Those are just examples. Just fill in the blank with whatever sins plague your life. Through the blood of Jesus Christ the price for “your” sins has been Paid in Full.
Being a Christian means coming to Christ for salvation. It means leaving your sin behind and leaning completely on Christ by faith, trusting totally in Him. You come by faith because that’s the only way a guilty sinner can come to God.
As we come to the moment of decision, let me ask you one final question: “If you were to stand before God and he said to you, ‘Why should I let you into my heaven?’ what answer would you give?” You might say …
“I was raised Catholic.”
“I’ve been a Baptist all my life.”
“I go to a Lutheran church.”
“I was baptized as a baby.”
“I attend Calvary Memorial Church.”
“I came to Calvary in the Park.”
But if that’s what you are banking on to get into heaven, you’re going to sadly surprised one day. None of those answers will suffice when you stand before the Lord. The only answer that counts is tell God in your own words that you are trusting Jesus Christ for your salvation. Then and only then will the gates of heaven swing open for you.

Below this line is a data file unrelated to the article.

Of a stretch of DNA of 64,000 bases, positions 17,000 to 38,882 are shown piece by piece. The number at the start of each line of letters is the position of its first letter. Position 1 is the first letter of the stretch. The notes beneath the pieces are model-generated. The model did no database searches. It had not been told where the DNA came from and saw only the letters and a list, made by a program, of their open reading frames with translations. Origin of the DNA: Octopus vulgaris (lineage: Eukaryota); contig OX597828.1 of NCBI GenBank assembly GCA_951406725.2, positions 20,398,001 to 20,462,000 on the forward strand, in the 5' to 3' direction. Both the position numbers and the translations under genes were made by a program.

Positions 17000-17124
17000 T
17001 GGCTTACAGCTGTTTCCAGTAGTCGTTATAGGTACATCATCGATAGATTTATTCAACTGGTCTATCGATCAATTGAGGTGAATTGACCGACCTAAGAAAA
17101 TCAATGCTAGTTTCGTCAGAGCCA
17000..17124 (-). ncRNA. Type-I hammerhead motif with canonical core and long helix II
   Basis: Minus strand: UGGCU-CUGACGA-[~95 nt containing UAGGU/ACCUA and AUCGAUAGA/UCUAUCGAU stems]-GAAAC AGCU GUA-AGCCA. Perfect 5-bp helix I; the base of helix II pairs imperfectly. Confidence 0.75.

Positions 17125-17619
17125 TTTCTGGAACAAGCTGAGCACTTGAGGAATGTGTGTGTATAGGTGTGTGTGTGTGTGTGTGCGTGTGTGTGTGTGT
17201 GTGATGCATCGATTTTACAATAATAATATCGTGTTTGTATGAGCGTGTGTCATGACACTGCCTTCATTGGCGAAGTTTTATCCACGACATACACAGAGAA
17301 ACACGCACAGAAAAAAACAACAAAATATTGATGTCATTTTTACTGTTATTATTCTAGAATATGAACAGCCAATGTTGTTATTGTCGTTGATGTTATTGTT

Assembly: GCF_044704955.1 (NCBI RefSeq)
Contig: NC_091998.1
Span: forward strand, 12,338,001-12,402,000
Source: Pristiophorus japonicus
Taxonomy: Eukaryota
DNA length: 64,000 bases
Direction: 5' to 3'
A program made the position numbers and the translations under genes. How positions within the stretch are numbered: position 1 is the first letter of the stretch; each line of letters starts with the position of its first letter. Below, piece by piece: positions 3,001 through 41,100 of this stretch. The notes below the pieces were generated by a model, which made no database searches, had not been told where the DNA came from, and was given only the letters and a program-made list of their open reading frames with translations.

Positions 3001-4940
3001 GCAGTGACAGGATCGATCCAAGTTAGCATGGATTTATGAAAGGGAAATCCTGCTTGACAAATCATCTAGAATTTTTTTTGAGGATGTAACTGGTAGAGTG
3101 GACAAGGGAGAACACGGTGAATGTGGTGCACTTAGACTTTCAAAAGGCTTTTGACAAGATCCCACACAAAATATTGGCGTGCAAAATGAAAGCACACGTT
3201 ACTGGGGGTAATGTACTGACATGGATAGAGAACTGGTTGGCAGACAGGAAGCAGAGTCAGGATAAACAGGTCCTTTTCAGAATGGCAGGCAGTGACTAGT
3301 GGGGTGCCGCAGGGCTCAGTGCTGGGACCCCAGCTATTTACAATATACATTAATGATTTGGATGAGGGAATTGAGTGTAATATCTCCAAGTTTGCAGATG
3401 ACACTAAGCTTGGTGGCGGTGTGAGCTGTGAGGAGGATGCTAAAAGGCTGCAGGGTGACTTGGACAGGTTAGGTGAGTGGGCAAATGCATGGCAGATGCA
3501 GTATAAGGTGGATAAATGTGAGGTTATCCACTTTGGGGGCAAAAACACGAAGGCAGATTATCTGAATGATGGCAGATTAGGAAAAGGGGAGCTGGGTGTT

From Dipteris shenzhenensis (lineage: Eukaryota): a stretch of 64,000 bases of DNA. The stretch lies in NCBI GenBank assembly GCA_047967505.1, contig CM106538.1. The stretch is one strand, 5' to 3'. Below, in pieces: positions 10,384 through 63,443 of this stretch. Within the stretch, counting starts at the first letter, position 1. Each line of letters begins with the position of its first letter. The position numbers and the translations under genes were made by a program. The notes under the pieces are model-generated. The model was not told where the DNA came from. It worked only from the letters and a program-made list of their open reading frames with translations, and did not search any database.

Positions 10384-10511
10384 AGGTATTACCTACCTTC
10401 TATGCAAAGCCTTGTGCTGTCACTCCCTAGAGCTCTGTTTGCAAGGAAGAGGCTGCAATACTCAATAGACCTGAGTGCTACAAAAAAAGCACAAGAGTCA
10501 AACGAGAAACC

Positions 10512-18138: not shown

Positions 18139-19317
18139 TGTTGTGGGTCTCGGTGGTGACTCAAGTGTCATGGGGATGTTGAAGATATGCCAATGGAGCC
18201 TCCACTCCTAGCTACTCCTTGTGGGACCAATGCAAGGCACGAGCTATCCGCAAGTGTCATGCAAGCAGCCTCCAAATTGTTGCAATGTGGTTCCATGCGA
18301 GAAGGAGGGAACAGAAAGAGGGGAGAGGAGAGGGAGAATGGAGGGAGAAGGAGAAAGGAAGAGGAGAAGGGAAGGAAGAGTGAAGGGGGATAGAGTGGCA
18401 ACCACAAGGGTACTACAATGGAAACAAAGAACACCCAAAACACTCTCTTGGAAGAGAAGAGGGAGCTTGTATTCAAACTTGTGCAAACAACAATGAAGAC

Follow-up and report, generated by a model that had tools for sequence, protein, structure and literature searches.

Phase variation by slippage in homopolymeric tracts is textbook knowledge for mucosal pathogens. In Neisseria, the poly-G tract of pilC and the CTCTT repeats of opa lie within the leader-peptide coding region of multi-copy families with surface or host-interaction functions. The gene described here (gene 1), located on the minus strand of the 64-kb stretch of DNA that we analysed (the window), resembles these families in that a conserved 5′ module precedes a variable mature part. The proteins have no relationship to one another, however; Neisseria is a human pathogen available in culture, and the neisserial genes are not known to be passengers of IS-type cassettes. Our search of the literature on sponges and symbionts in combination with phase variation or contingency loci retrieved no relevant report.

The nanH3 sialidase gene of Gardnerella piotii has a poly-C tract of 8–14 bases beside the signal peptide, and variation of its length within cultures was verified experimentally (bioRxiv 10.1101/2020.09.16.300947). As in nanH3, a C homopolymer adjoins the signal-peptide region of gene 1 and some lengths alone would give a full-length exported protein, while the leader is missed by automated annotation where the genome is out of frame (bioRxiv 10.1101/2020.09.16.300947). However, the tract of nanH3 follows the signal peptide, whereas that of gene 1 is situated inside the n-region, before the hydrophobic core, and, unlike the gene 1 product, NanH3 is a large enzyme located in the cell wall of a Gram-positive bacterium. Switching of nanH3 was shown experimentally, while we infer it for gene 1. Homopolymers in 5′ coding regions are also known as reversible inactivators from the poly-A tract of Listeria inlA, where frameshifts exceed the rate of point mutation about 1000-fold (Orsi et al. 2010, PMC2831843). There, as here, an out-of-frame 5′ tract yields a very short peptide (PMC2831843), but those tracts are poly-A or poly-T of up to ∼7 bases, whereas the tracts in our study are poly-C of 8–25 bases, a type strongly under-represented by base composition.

Ponder the words of this little verse:
Upon a life I did not live,
Upon a death I did not die,
I risk my whole eternity.
That is what it means to be a Christian. It means trusting in Christ so much that you risk your eternity on what he did for you in his life and in his death. I have sometimes told people that trusting Jesus for salvation means to trust him so completely that if he can’t take you to heaven, you aren’t going to go there. Are you willing and ready to do that?